Jack C. Hunter devoted his life to helping others, those at his funeral said.
By DAVID SKOLNICK
VINDICATOR POLITICS WRITER
YOUNGSTOWN -- Politics was only a small part of Jack C. Hunter's life, those who honored him at his funeral say.
The only four-term Republican mayor in Youngstown's history also cared deeply about children, education issues and his community, his friends and family say. They described Hunter as a religious man who helped others grow and become better residents.
When it came to politics, those who worked with him said Hunter was honest, open and unifying.
Encouragement: Jerome F. McNally, a former city councilman, remembers Hunter's encouraging him to get into politics even though they were members of different parties.
"He steered me into the game of politics, which I never thought I'd enter," McNally said at Hunter's funeral Wednesday at Pleasant Grove Presbyterian Church. "He showed me how to do it. He practically held my hand."
And once McNally was in office, Hunter never played partisan politics. That statement was supported by Herman "Pete" Starks, another longtime Democratic city councilman.
"I served under four mayors during my 22 years on council, and he was the best of them," said Starks, who was a pallbearer for Hunter. "He was a man of his word. There was no such thing as Democrats or Republicans with Jack Hunter. He was about taking care of business."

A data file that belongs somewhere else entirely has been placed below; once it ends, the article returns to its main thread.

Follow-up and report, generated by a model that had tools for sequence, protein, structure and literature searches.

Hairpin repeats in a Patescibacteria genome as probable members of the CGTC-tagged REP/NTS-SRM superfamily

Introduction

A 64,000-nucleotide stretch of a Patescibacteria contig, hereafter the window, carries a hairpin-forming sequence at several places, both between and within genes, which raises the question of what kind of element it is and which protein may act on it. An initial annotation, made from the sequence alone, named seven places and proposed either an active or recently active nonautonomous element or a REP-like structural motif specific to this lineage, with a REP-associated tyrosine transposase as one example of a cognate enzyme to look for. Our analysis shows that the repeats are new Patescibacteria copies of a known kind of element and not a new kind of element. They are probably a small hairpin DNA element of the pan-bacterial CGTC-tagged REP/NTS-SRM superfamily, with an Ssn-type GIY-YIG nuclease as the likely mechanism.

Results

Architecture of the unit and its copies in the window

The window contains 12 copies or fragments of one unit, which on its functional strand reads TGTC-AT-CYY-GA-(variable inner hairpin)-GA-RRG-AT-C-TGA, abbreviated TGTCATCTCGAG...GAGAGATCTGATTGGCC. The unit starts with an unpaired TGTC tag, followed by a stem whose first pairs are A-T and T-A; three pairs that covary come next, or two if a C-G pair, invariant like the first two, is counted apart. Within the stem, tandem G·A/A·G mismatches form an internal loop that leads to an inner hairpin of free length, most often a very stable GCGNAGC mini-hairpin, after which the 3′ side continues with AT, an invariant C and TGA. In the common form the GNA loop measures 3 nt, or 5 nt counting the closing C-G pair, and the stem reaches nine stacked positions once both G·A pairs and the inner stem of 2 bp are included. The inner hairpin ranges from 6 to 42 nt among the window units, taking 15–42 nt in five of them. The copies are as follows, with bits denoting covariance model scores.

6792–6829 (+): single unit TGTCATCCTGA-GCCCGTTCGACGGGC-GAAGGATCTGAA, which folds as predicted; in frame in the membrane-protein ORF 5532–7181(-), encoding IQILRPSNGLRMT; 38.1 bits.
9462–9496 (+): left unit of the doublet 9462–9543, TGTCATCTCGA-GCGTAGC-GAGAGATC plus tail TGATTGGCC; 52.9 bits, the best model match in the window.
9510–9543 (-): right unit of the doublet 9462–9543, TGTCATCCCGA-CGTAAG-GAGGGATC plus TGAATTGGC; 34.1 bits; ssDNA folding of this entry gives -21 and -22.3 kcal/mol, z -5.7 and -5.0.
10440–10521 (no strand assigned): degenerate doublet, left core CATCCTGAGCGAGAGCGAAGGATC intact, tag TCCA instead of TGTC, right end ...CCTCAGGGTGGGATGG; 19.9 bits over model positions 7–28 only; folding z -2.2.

John Nagy, news director for WKBN-AM radio and Clear Channel Radio Youngstown, said Hunter was one of the Mahoning Valley's finest public servants.
"If you look at the politicians here over the past couple of years, what Jack gave us and showed us was a much-needed commodity, and he will be missed," he said.
Cause of death: Hunter, 71, died Saturday of cancer, which he discovered only a week before his death that he had.
About 125 people attended his funeral, with more than 20 people getting up to speak about the former mayor.
Hunter was elected Youngstown mayor in 1969, serving until 1977. Before that, he spent four years as 5th Ward councilman.
Hunter, the city's last Republican mayor, was a vice president of Mahoning National Bank before and after his years as mayor and also taught economics at Youngstown State University. After leaving the mayor's office, he spent 10 years on the state board of education.
Concern for children: Susan Tave Zellman, Ohio superintendent of public instruction, said Hunter was always concerned about improving the education of children.
"On any issue, he always asked, 'Is it good for the children?' " Zellman said at Hunter's funeral.
"He had the true interests of the kids in mind," added Cyrus B. Richardson Jr., the state board of education's vice president.
In addition to being civic-minded, Hunter was devoted to his family and his God, those who knew him said.
"I knew him as a patient man who taught my sister and I how to golf and play checkers and chess," said Chuck Hunter, his nephew. "People gravitated to him for his quiet confidence."